Post the Fifty-Third: In Which We Have Internet, And Our Hero Bewails His Birth

Good afternoon, Gentle Reader. I’m typing this on my trusty desktop, for once. That’s right, we finally have internet at the new as-yet-unnamed house. This means that I can get back to work, I suppose, besides my five hundred projects.

Yesterday, I turned twenty-eight. Although I eschew the traditional trappings of American success – I find them icky – I cannot help but feel that I haven’t accomplished nearly enough. I write, and write and write and write, and I sculpt and I play and I paint, and then in one depressive downstroke, I destroy my work. I never let other people see what I’ve done before erasing it in fire. Well, hardly ever. Needless to say, I have nothing to show for myself.

Fire

My best friend in the entire world, Miss Ward, returned to Washington last night, after a year in Australia, followed by another stint in Thailand, then Peru. I am terrified to see her. I’m not doing at all well, and have nothing to say for myself.

At one point in my life – the high point, in fact, when last I saw her, a year and a half ago – I was unreasonably flush with cash. I had innumerable friends, social rivals, openings and galas, karaoke twice a week, and a vibrant hum and throng of social activity. People liked me. When I reached the end of the money, in many cases I had also reached the end of the friendship. Since, I’ve been a bit of a charity case. I live with a few of my few remaining friends; and while they’ve never said a word, I’m certain that I’m reaching the end of their patience, tolerance, for my wicked, broken, ways.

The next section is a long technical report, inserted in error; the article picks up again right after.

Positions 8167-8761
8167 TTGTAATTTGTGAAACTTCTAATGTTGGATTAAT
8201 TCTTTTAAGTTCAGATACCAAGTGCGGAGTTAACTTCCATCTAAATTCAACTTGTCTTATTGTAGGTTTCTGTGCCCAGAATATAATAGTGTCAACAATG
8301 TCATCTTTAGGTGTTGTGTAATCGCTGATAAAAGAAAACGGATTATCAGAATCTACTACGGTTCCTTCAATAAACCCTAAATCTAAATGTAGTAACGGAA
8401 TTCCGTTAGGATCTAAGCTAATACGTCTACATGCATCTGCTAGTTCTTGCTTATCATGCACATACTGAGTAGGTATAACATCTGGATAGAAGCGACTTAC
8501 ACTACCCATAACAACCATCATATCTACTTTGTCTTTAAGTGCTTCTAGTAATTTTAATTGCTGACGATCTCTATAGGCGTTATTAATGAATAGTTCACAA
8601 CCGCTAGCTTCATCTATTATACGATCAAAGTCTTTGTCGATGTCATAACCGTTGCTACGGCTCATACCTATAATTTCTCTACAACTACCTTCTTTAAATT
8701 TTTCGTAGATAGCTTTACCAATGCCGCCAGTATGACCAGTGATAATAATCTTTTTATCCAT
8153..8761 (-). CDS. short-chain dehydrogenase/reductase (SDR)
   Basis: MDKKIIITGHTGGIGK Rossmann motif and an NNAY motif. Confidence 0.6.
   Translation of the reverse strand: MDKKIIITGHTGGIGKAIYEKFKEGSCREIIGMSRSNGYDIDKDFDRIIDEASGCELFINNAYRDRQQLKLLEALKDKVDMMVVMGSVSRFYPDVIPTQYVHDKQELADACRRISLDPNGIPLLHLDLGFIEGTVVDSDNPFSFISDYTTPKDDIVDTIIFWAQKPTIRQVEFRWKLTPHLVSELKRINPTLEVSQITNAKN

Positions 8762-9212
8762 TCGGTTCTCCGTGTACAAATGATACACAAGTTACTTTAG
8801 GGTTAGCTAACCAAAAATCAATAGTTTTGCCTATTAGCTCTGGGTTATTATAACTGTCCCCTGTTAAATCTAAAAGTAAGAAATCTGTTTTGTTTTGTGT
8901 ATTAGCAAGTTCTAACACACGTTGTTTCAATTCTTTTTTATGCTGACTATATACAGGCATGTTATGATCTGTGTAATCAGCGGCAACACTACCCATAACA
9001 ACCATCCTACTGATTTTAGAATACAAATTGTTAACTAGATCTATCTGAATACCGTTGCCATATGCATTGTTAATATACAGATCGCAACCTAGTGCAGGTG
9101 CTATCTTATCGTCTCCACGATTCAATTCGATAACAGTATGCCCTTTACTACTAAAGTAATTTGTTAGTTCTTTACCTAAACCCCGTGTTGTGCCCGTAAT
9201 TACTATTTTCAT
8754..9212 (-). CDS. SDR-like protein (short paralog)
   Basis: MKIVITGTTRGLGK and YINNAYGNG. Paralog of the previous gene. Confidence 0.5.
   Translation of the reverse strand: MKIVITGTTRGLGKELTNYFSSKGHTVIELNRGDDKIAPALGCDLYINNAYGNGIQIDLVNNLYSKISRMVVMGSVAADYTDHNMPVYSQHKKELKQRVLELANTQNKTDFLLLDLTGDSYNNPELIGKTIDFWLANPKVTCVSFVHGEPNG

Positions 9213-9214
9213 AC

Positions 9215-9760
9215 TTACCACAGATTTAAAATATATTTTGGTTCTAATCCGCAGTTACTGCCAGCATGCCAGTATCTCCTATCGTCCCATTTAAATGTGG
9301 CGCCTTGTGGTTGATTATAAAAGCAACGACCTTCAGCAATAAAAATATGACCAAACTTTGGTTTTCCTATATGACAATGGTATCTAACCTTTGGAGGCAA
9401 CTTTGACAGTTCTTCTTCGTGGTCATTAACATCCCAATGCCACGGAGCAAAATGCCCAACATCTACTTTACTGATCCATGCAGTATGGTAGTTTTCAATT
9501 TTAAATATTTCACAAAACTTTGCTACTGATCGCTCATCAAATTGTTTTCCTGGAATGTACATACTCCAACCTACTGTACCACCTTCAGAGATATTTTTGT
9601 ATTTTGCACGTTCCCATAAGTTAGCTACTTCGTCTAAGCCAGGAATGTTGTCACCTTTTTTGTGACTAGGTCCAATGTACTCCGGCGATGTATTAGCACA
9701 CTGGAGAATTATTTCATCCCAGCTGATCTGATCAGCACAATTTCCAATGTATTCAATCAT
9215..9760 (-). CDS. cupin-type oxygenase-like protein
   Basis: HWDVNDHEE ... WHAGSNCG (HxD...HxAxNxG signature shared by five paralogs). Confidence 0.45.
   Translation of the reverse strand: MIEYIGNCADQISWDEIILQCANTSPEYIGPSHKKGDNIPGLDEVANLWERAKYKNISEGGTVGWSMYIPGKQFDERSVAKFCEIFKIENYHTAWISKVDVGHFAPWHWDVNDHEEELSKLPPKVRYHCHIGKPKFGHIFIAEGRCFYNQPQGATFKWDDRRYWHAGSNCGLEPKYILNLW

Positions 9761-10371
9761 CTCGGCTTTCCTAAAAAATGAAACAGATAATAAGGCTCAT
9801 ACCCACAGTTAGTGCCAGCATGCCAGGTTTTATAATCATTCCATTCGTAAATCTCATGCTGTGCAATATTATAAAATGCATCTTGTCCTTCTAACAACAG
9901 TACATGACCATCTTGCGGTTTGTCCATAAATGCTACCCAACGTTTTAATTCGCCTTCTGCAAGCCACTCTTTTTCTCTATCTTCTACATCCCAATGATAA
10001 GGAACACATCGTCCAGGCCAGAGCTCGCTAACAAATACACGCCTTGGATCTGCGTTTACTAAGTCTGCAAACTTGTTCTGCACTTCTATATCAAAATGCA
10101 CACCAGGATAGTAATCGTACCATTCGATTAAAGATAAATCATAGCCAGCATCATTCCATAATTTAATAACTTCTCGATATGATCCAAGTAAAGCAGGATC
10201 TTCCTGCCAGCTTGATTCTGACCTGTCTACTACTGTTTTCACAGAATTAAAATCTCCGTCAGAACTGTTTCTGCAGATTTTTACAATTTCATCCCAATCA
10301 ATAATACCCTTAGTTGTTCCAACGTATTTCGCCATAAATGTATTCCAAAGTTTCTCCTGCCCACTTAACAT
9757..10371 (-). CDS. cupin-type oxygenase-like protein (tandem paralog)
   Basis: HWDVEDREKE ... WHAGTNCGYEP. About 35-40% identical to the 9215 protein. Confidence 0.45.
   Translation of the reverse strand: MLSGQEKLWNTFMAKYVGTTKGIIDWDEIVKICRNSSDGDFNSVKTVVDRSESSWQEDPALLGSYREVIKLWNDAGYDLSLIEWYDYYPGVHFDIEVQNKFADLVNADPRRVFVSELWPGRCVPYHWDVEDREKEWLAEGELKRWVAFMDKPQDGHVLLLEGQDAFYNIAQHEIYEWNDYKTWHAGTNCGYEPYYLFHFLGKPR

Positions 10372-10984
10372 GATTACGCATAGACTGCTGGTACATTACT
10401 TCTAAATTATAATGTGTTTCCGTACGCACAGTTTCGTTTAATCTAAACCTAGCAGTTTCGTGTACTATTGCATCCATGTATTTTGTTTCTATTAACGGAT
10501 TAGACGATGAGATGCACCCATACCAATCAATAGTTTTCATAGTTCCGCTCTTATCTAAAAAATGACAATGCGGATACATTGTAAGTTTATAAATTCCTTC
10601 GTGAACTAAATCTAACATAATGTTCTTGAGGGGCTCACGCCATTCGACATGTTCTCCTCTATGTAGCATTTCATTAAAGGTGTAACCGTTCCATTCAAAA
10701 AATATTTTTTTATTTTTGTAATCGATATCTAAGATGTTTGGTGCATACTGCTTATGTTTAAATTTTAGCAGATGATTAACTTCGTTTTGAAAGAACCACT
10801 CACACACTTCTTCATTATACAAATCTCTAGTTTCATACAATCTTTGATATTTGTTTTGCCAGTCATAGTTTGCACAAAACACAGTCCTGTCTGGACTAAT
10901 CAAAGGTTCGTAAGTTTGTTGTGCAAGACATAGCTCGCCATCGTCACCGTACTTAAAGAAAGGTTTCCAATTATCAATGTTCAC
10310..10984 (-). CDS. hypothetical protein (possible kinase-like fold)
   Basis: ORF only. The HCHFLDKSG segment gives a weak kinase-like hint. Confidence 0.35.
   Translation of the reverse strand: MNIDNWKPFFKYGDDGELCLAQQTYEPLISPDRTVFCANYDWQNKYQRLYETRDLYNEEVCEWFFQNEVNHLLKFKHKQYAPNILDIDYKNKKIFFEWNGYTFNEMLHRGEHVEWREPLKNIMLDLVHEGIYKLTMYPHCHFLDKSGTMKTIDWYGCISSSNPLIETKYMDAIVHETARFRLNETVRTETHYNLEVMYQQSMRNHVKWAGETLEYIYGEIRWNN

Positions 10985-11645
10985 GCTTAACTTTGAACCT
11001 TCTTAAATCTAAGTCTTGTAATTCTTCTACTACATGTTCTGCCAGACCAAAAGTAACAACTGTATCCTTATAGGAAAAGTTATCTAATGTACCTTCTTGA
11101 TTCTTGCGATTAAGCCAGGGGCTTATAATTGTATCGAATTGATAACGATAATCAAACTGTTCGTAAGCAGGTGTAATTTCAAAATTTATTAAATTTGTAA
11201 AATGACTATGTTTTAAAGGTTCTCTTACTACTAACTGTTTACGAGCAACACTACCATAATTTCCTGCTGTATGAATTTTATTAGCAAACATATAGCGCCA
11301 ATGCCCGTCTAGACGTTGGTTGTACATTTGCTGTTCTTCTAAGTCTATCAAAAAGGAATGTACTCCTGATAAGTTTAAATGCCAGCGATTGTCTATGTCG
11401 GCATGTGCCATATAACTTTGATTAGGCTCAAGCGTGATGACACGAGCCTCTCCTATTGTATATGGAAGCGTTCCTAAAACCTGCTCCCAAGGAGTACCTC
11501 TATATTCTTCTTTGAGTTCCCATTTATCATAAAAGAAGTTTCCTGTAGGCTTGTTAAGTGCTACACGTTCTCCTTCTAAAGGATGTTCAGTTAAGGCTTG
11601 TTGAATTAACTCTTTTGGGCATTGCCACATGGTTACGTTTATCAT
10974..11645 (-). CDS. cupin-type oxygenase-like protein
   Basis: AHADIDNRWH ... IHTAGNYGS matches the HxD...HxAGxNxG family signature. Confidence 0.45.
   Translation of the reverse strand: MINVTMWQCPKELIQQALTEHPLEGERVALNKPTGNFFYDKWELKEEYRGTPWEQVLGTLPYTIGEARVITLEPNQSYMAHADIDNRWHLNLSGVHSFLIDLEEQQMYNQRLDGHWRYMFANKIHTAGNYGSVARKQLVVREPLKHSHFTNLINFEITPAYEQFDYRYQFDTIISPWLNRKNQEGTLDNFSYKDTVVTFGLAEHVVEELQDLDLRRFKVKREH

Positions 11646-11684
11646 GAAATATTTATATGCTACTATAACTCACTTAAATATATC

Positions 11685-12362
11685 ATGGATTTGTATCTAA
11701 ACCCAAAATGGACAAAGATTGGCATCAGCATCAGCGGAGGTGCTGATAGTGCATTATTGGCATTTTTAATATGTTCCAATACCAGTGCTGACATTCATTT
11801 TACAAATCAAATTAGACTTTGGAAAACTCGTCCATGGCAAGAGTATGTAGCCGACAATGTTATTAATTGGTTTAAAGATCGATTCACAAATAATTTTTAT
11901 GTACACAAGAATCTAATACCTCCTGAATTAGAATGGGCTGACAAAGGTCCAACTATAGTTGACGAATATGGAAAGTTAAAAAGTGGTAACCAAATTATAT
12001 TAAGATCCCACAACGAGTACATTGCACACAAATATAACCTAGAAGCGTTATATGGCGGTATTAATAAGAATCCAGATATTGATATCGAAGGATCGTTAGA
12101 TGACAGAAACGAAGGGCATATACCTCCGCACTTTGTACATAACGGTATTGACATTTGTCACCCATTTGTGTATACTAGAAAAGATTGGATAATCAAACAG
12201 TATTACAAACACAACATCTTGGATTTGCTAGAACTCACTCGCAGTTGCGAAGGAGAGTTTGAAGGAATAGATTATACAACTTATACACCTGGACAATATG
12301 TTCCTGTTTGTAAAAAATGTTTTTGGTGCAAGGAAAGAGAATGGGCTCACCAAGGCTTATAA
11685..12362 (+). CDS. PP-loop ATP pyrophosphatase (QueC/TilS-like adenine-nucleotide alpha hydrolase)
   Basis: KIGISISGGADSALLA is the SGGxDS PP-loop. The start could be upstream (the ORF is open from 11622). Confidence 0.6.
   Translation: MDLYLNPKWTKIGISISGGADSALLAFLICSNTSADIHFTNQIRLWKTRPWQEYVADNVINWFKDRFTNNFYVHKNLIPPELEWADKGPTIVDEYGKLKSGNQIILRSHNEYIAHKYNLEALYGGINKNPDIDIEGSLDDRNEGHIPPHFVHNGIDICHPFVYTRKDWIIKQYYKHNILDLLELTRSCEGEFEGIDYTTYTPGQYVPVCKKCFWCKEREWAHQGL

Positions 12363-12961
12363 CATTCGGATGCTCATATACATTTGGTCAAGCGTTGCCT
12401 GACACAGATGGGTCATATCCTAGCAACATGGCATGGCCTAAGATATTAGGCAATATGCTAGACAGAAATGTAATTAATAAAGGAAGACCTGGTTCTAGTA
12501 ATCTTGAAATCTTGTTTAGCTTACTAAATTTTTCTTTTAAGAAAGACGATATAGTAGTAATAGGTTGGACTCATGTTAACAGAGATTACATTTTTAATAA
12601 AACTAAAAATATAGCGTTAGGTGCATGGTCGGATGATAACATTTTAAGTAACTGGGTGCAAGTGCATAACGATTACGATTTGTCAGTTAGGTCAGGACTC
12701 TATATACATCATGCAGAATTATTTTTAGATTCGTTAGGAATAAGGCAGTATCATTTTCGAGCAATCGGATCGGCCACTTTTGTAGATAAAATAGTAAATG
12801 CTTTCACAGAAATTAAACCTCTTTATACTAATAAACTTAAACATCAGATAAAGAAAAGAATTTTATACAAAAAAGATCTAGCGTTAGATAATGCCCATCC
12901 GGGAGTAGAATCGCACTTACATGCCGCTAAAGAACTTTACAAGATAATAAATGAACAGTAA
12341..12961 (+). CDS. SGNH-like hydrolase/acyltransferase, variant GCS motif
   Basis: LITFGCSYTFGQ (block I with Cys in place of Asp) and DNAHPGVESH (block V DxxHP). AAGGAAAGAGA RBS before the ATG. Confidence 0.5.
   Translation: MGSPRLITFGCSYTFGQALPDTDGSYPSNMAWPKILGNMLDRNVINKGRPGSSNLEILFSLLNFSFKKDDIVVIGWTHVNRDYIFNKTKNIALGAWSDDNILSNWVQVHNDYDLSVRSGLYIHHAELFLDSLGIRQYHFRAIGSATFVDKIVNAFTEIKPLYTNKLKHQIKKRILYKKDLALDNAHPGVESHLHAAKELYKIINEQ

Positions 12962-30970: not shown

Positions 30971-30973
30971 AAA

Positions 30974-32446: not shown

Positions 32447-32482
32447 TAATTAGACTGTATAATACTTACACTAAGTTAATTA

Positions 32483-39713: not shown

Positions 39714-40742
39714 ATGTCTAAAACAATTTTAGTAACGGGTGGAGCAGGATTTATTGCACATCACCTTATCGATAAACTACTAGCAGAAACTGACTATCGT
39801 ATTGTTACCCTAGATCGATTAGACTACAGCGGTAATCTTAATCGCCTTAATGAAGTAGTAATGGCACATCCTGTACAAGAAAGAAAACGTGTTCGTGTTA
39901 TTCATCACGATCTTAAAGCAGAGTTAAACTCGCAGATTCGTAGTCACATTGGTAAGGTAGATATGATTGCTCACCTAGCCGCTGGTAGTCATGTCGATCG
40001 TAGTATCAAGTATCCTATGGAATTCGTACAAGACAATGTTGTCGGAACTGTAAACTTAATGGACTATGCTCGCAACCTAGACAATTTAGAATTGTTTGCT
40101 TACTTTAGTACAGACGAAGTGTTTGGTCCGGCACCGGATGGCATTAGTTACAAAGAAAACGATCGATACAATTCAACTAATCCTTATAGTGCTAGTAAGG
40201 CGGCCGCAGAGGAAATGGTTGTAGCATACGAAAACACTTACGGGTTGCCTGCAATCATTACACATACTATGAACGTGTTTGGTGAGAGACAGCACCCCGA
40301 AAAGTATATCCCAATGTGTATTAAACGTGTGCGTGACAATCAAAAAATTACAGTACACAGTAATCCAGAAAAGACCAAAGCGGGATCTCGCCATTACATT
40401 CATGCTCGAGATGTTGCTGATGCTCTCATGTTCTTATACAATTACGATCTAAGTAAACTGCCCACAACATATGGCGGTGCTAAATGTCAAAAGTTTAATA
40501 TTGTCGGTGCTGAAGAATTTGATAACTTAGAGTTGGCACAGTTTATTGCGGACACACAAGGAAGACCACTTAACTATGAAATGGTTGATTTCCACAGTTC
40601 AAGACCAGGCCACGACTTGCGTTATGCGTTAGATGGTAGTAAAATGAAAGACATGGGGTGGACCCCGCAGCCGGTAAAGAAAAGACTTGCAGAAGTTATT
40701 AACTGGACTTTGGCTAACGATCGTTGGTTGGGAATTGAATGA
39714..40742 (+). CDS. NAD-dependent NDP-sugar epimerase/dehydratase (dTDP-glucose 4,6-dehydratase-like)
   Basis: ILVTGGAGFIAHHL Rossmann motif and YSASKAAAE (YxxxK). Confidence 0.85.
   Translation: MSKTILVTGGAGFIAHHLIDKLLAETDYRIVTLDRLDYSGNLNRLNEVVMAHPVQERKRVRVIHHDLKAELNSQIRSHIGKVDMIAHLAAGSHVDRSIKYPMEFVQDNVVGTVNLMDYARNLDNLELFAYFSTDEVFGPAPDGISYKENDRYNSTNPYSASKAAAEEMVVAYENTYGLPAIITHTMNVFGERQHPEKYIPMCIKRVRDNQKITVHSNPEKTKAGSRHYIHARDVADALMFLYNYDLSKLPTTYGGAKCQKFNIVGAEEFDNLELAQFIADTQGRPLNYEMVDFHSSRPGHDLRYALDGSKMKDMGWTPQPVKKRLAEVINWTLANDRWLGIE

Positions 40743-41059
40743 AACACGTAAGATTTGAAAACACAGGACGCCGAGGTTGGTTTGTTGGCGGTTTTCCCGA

Dissipation

Not only am I a wreck, I’m a dull one. I long for the days of my popularity, with some new intrigue on my lips, glorious drama backlit by the light that only comes during the cocktail hour. Without the aquarium in which I used to swim, I drape myself on my chaise. I have nothing worthwhile to discuss with my globetrotting best friend. I can’t even take her out for an evening to hear her traveling tales.

In short, I am both broke and broken.

 

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About Ty DeLyte

Madame DeLyte has suffered a grave disappointment - YET AGAIN - and still believes that freedom, beauty, and truth are what's valuable, rather than vulgar cash. He'd add love to that list - but, well, what can he say about love?
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